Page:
I like to go for a walk after therapy. It clears my mind. I head out of the door after the usual dithering, and am about to tie my boots up when I realise I’ve got the wrong watch on (my standard watch which M got me many years ago, doesn’t have a stopwatch on it), so I pull off my boots and go back to the kitchen to get the right watch. Boots on, out the door. Cold and windy. I do the usual twists and turns up the road, down a snicket, into another road, then into the avenue that leads to the main road.
‘Hello, mate.’ A voice from the drive of an ochre bungalow. ‘How you doin’?’
‘All good,’ I say, although I don’t know this gentleman with the beanie on. I have seen him talking with C, though, a guy who lives a few doors up from us and who’s an interesting bloke (really into 80s music, really loved all the New Romantic stuff, brushes up well, witty). ‘You doing ok?’
‘Oh, yes.’ His Volvo estate is full of insulation material. He comes onto the pavement from the drive. ‘Oh, you’re not who I thought you were. I saw all the dangly ear-rings and thought you were C.’
‘Nice lad, C,’ I say.
‘Yup. … What you doing?’
‘I go for a 2-mile alk every day.’
‘Good for you. I still do the odd gym exercises.’
‘Well, at my age,’ I say.
‘How old are you?’
‘That’s nothing. I’m 67. Was alright till my late 50s. Could outdo people twice my age. And then.’ He clicks his fingers. ‘It just fuckin’ went, just like that, so now I just do the best I can.’ All this said with a soft Norfolk accent, not too broad, just with that harsh edge to it, of a man who likes the outdoors, and likes talking.
‘We can only do our best.’
‘Probably seen you before.’
‘I’ve been walking down here since we moved from Stradbroke May last year.’
‘Stradbroke? Never! I had an auntie in Stradbroke. Must be 50 years since. Lovely area.’
‘Yeah. But the middle of fucking nowhere.’ This is me code switching, so people know I’m listening to them.
‘Been thinking of moving that way south.’
‘How long have you lived here?’
‘Over 30 years. Gets a bit much. But then I think is it a good idea. I like the countryside and things, but what with my ailments and things, probably best to stay in a town.’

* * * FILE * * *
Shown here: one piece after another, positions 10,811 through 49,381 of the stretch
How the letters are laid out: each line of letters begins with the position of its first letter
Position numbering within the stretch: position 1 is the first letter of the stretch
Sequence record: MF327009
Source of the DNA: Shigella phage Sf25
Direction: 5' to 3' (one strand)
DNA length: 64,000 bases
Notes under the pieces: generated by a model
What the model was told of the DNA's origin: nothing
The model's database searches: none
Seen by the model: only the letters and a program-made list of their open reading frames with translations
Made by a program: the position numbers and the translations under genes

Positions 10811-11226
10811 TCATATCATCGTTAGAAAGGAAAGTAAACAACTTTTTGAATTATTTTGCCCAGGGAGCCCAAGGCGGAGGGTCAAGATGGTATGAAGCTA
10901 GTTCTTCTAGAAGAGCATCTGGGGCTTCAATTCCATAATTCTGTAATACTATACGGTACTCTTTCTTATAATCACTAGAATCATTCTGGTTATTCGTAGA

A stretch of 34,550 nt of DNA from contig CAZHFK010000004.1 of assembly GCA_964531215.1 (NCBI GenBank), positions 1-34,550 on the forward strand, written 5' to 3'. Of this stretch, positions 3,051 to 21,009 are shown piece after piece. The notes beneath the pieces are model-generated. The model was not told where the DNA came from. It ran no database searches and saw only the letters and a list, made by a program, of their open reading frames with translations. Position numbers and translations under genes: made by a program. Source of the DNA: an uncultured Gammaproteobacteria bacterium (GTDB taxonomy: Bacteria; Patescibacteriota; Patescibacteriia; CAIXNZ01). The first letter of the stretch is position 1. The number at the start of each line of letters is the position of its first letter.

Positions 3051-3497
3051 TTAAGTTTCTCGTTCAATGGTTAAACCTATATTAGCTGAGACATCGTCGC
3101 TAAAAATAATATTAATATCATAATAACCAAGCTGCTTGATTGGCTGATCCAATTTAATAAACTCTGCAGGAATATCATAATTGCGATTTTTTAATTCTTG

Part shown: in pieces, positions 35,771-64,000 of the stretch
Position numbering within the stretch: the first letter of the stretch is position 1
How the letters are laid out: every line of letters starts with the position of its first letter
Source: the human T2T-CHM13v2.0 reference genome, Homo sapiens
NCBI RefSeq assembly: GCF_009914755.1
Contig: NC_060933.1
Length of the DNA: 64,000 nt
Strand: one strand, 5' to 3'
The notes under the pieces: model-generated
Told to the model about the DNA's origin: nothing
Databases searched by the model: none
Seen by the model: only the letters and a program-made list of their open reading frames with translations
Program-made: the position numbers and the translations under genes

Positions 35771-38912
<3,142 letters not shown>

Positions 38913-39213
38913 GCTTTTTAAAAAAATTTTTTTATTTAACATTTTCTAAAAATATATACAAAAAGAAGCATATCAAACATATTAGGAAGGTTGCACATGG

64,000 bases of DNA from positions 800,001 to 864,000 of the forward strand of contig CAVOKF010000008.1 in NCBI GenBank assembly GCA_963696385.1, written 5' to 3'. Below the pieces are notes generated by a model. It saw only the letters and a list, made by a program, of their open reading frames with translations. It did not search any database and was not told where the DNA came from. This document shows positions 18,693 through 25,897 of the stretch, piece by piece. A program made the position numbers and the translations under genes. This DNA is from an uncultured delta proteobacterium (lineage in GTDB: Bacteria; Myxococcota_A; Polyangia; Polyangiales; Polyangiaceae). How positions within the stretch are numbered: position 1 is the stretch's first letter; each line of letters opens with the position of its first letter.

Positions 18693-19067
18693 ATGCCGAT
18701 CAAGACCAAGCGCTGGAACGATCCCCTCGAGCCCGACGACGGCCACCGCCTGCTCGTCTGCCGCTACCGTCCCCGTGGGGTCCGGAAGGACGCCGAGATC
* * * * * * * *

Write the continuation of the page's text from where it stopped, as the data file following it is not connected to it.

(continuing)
‘That’s one reason we came here, too. Close to the hospitals, infrastructure.’
He nods sagely. ‘Aye. That’ll be it. Probably for the best. … Not keepin’ you, am I?’
‘No.’ And I mean it. I love talking with people.
‘This country’s fucked, you know.’
I’m expecting the worst.
‘All these out-of-town retail parks. It all needs to come back into the cities. … And I don’t hold with all this nationalistic shit. Don’t matter what colour, orientation, nationality anyone is. If they’re nice people, that’s all that matters.’
‘Exactly,’ I say, relieved and heartened. ‘And all these people slagging off immigrants – they pay more taxes than a lot of the English.’
‘Fuckin’ hell, it’s grand to hear someone else say that. I get fuckin’ impatient and angry with all these anti-immigration folk. Don’t hold with it.’
We shake hands. He’s A.
‘I’m Richard,’ I say.
‘If I talk too much,’ he says, and takes off his beanie to reveal a cochlear implant. ‘It’s because I’m deaf. I can take over conversations because of it, so just tell me to shut up if I talk too much.’
‘You’re not talking too much.’
‘Any time you come by, mate, just feel free to stop and chat. You don’t have to, of course.’ He pulls his beanie back on. ‘Don’t get out much, see. No pubs or restaurants – too much noise in the ear that works with this thing. All the scraping of the cutlery, and the voices, and all those noises. Can’t stand it.’
‘Do you sign?’
He shakes his head. ‘Never learned it. And not much use if it’s all too loud for me to concentrate. Best off staying in. Or being outside.’ He smiles.
I smile back. ‘I’d better get on now.’ The light is going.’ I hold out my hand. ‘You’ve made my day, though. I love chatting.’
He grabs my hand, and an ever bigger smile creases his face. ‘You serious?’
‘Course I am.’ And I am.
AGGIE’S ART OF HAPPINESS – CHAPTER 250
24/2023 – Richard Pierce24th January 2023 at 21:08
[…] bumped into A again today. We chatted for 5 minutes. He could tell I was in a hurry, and he was hoovering out his old car. […]